Division Head: Synthetic Biology and Biotechnology
Our research focuses on implementing Darwinian evolution in a test tube to generate novel proteins with custom-made properties. We are interested in applying methods of in vitro selection and evolution to the generation of de novo enzymes as well as to tailoring existing enzymes to a wide variety of useful properties. We have established a general method to generate novel protein enzymes from scratch – enzymes that have not been found in nature. Our method employs the mRNA display technology, which generates libraries of proteins that are covalently linked to their coding mRNA. This stable connection between genotype and phenotype allows for the selection of proteins from large libraries with complexities well beyond the limits of conventional screening technologies. This method enables us to search for new enzymes in libraries of trillions of protein variants in a single experiment.
One objective of our research is to create enzymes as ‘designer catalysts’ because there is considerable interest in harnessing the power of enzymes for the synthesis of chemicals and pharmaceuticals and for the conversion of biomass. We are also studying our new enzymes in detail and evolve them further to help elucidate basic principles of biocatalysis and protein evolution.
The research carried out in our lab combines a number of different disciplines, including molecular biology, biochemistry, organic chemistry and protein engineering.
In the News: (Research Highlight - NASA) (Science Highlight - Stanford Synchrotron) (CBS Highlight) (SciTechDaily) (ScienceDaily) (Minnesota Daily) (reddit) (most read article of Nature Chem. Biol. !)
Morelli, A., Haugner III, J. C. & Seelig, B.: Thermostable artificial enzyme isolated by in vitro selection. PLOS ONE 2014 (in press). (PDF)
Chao, F.-A., Morelli, A., Haugner III, J. C., Churchfield, L., Hagmann, L. N., Shi, L., Masterson, L. R., Sarangi, R., Veglia, G. & Seelig, B.: Structure and dynamics of a primordial catalytic fold generated by in vitro evolution. Nature Chem. Biol. 2013 (9) 81-83. (PDF)
Traaseth, N. J., Chao, F.-A., Masterson, L. R., Mangia, S., Garwood, M., Michaeli, S., Seelig, B., Veglia, G.: Heteronuclear Adiabatic Relaxation Dispersion (HARD) for Quantitative Analysis of Conformational Dynamics in Proteins. J. Magn. Reson. 2012 (219) 75-82. (Pubmed) (PDF)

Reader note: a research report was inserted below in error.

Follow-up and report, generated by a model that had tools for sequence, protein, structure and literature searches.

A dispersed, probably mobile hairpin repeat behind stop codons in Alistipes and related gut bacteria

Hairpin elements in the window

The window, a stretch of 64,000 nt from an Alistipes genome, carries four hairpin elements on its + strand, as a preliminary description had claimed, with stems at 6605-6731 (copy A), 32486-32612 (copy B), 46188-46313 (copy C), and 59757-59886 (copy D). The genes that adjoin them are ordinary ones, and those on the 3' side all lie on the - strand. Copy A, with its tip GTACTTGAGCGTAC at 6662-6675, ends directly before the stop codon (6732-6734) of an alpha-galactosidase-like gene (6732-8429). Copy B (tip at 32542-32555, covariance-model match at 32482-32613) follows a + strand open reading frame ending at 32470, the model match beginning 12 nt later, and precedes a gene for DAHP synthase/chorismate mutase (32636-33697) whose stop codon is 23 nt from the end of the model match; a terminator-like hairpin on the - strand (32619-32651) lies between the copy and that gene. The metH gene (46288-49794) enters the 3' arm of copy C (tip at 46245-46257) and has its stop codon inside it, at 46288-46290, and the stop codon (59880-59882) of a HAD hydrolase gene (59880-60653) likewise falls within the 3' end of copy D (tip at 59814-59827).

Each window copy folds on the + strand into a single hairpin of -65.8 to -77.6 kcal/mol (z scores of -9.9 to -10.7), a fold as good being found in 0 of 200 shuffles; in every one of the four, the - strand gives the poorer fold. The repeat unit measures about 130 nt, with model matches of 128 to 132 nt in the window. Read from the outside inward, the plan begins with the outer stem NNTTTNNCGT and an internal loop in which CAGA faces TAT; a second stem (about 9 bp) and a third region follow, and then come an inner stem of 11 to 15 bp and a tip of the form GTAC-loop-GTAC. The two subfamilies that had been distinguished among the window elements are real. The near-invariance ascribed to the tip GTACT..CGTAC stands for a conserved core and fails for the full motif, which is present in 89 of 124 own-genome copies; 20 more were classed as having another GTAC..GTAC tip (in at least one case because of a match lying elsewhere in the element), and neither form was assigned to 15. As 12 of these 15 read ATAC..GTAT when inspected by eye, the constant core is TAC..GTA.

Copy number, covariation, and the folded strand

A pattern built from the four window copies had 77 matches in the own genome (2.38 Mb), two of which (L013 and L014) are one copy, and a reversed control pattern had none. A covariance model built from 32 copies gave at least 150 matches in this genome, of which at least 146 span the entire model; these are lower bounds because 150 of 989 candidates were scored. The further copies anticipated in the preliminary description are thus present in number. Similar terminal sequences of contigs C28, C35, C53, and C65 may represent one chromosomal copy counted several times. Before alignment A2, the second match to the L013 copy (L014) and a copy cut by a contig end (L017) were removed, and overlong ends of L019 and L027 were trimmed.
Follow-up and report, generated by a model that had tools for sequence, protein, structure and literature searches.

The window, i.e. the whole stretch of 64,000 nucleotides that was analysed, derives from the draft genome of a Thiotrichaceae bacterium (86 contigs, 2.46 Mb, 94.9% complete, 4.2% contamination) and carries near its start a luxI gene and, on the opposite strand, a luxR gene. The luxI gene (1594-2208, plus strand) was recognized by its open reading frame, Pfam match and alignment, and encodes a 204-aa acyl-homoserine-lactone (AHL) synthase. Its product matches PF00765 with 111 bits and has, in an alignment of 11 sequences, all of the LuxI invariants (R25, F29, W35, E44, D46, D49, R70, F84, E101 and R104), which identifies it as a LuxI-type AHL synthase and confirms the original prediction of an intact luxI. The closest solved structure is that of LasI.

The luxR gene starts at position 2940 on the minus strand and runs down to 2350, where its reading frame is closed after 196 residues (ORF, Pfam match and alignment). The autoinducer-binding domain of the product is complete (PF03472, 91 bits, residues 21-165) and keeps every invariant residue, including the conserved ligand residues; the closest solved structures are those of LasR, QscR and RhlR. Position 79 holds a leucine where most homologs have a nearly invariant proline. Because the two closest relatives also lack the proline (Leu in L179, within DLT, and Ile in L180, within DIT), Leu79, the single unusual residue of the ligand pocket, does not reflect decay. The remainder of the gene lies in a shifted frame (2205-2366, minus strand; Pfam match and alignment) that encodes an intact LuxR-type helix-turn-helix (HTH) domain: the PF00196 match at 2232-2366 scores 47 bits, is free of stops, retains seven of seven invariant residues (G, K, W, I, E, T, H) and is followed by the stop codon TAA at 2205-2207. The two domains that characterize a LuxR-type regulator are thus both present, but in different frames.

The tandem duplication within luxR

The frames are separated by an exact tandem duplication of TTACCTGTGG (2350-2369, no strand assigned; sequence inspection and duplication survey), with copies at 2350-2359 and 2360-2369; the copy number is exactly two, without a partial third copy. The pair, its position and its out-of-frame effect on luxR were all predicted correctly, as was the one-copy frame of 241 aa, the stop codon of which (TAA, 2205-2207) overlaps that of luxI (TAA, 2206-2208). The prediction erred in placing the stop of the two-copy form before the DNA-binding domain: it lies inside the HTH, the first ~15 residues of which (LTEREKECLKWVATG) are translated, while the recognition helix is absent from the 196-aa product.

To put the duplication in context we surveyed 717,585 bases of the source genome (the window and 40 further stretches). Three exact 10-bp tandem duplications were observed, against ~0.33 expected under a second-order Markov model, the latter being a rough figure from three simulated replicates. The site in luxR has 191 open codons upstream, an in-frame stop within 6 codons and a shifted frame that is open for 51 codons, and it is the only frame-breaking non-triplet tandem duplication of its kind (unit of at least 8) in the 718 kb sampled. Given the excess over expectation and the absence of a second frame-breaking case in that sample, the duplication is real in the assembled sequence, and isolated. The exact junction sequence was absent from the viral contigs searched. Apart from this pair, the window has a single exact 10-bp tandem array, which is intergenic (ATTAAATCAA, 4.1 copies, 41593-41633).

Seelig, B.: mRNA display for the selection and evolution of enzymes from in vitro-translated protein libraries. Nature Protocols. 2011 (6) 540-552. (PDF)
Golynskiy, M. V. & Seelig, B.*: De novo enzymes – from computational design to mRNA Display. Trends Biotechnol. 2010 (27) 340-345. (On the Cover & PDF)
Seelig, B.: An autocatalytic network for ribozyme self-construction. Nature Chem. Biol. 2008 (4) 654-655. (News & Views)
Seelig, B. & Szostak, J.W.: Selection and evolution of enzymes from a partially randomized non-catalytic scaffold. Nature, 2007 (44) 828-831. (PDF) (Supplementary Information) (News & Views in Nature) (Spotlight in ACS Chem. Biol.) (Highlight in Nature Chem. Biol.)
Keiper, S., Bebenroth, D., Seelig, B., Westhof, E. & Jäschke, A.: An architecture of a Diels-Alder ribozyme with a preformed catalytic pocket. Chem. Biol. 2004 (11) 1217-1227. (PDF)
Keefe, A.D., Wilson, D.S., Seelig, B. & Szostak, J.W.: One-step purification of recombinant proteins using a nanomolar-affinity streptavidin-binding peptide, the SBP-tag. Protein Expr. Purif. 2001 (23) 440-446. (PDF)
Jäschke, A. & Seelig, B.: Evolution of DNA/RNA as catalysts for chemical reaction. Curr. Opin. Chem. Biol. 2000 (4) 257-262. (PDF)
Seelig, B., Keiper, S., Stuhlmann, F. & Jäschke, A.: Enantioselective ribozyme catalysis of a bimolecular cycloaddition reaction. Angew. Chem. Int. Ed. 2000 (39) 4576-4579. (PDF)
Sengle, G., Jenne, A., Arora, P. S., Seelig, B., Nowick, J. S., Jäschke, A. & Famulok, M.: Synthesis, incorporation efficiency, and stability of disulfide bridged functional groups at RNA 5'-Ends. Bioorg. Med. Chem. 2000 (8) 1317-1329. (PDF)
Seelig, B. & Jäschke, A.: Ternary conjugates of guanosine monophosphate as initiator nucleotides for the enzymatic synthesis of 5'-modified RNAs. Bioconjugate Chem. 1999 (10) 371-378. (PDF)
Seelig, B. & Jäschke, A.: A small catalytic RNA motif with Diels-Alderase activity. Chem. Biol. 1999 (6) 167-176. (PDF)
Seelig, B. & Jäschke, A.: Site-specific modification of enzymatically synthesized RNA: transcription initiation and Diels-Alder reaction.Tetrahedron Lett. 1997 (38) 7729-7732. (PDF)